This investment ultimately led to one of his earliest clients.
“I was in charge of marketing and website design for my cousin, Linzer Gray, who is a pop and rhythm-and-blues singer,” he says.
As though heading your own company and attending middle school full time is not enough to fi ll one’s day, Jaylen’s list of middle school extracurricular and civic activities included serving as the vice president of the school’s Parent Teacher Student Association for two years, Student Council president for three years, director of technology for the school’s audio-visual programs, and president of the St. Louis chapter of the National Youth Rights Association.
He additionally held membership in the National Junior Honor Society, Leaders for Social Justice, and the Wyman Teen Leadership Program.
This than middle schooler also found time to teach a computer class at the school on Thursdays.
Jaylen currently attends Mary Institute & St. Louis Country Day School in Ladue, Missouri, as cited in a “Personal Profile” link, and visions that as he advances through his secondary years, he will, in Jarrett’s words, “be able to train and eventually bring on students with like minds into his company to serve as a team.”
At present, Jaylen works from his parent’s home and has four employees – two local and two in India.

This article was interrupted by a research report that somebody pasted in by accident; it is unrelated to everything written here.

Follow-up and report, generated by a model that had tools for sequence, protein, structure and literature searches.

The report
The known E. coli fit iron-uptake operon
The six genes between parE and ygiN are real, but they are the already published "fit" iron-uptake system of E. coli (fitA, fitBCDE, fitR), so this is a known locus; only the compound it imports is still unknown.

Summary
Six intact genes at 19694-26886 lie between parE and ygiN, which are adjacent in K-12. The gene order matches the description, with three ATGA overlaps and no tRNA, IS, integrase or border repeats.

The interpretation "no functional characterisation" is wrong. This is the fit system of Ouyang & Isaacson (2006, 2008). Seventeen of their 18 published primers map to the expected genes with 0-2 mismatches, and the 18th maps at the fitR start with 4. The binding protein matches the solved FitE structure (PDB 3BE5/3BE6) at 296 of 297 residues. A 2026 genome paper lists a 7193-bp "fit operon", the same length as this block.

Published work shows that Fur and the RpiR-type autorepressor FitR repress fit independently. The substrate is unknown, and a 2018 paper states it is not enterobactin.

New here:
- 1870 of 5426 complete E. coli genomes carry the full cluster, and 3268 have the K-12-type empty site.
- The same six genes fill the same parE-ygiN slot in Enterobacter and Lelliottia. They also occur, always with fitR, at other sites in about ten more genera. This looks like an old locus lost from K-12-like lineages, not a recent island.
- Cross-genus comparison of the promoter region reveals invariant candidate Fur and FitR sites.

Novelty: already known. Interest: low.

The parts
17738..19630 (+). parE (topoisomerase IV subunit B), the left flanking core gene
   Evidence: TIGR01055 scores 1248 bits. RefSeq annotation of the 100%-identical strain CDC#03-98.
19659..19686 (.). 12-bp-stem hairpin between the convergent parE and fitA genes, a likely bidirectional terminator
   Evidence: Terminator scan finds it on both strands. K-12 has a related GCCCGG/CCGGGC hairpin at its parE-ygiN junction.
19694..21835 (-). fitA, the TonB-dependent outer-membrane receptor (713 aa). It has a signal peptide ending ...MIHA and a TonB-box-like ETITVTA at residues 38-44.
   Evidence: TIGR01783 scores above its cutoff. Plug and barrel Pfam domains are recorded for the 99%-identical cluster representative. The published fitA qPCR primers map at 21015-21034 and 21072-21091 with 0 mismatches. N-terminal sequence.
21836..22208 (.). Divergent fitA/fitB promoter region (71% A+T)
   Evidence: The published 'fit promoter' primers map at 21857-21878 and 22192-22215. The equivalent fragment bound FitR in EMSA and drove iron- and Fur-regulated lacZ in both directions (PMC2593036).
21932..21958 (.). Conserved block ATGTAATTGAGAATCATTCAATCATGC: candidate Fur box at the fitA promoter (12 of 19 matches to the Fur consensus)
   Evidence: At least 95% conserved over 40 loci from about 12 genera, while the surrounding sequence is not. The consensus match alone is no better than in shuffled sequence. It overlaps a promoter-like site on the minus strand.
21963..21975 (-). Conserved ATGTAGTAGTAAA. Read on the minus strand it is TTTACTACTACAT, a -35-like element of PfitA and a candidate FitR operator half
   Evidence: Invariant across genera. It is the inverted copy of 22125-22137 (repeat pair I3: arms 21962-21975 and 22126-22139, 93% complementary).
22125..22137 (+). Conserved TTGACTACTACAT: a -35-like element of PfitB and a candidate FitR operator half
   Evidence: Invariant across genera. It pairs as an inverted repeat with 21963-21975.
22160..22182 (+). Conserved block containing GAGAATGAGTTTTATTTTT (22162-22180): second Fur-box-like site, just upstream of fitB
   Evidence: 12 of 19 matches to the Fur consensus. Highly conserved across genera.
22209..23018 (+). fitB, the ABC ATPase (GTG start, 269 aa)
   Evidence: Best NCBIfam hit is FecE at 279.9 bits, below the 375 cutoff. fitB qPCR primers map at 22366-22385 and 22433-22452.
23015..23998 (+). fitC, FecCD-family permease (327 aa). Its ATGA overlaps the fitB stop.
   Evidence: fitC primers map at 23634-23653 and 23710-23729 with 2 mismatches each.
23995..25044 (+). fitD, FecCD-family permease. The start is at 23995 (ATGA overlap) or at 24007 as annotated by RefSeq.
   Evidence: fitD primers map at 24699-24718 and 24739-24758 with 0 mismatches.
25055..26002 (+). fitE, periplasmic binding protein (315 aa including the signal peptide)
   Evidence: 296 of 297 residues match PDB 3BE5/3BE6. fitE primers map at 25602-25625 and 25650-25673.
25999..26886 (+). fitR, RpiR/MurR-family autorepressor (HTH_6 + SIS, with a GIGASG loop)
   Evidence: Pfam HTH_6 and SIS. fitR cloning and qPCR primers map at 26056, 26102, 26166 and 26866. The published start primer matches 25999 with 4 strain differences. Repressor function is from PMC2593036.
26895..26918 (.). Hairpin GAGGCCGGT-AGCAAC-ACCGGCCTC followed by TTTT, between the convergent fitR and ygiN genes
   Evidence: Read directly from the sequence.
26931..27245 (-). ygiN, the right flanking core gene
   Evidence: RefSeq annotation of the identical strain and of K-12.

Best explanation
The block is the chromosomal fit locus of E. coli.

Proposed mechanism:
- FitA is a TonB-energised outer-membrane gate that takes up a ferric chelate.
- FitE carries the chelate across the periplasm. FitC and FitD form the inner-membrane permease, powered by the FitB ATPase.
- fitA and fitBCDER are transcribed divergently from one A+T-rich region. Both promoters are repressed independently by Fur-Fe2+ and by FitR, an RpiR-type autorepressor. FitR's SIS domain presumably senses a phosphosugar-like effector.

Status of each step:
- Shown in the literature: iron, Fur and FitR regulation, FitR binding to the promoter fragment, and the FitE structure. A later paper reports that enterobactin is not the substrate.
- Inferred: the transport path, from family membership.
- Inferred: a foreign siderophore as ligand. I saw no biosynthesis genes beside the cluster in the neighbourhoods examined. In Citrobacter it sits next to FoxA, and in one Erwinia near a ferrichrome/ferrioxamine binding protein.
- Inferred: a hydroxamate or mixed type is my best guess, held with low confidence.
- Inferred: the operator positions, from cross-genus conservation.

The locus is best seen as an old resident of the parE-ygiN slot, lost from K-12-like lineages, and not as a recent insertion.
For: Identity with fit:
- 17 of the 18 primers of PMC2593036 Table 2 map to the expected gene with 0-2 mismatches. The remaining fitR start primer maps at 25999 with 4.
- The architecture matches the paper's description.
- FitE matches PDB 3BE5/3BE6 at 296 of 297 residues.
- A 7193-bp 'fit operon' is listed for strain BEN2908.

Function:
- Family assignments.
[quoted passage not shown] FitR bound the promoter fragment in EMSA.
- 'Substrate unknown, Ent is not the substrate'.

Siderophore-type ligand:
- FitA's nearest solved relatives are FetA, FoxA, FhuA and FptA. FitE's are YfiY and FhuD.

He also has an attorney.
As cited in Patch: “I realize every kid doesn’t have an opportunity to start his or her own business at age 13,” he admits.
“I did it on a very small budget.”
Believing that the key is taking an idea and turning it into action, this resourceful teen positions that, “It’s an adult world out there. We can all do the same thing.
But you have to have the right amount of dedication.”
Jaylen has a 4.0 GPA and anticipates upon high school graduation attending Harvard University with a double major in Business Admiration and Computer Science.
Jarrett adds in her posting that he intends to continue further to obtain his master’s degree in law, with prospects of becoming a copyright attorney.
He also holds EDU Certification from Google for Google Apps Platform and is additionally a certified reseller for Microsoft & Lenovo Products.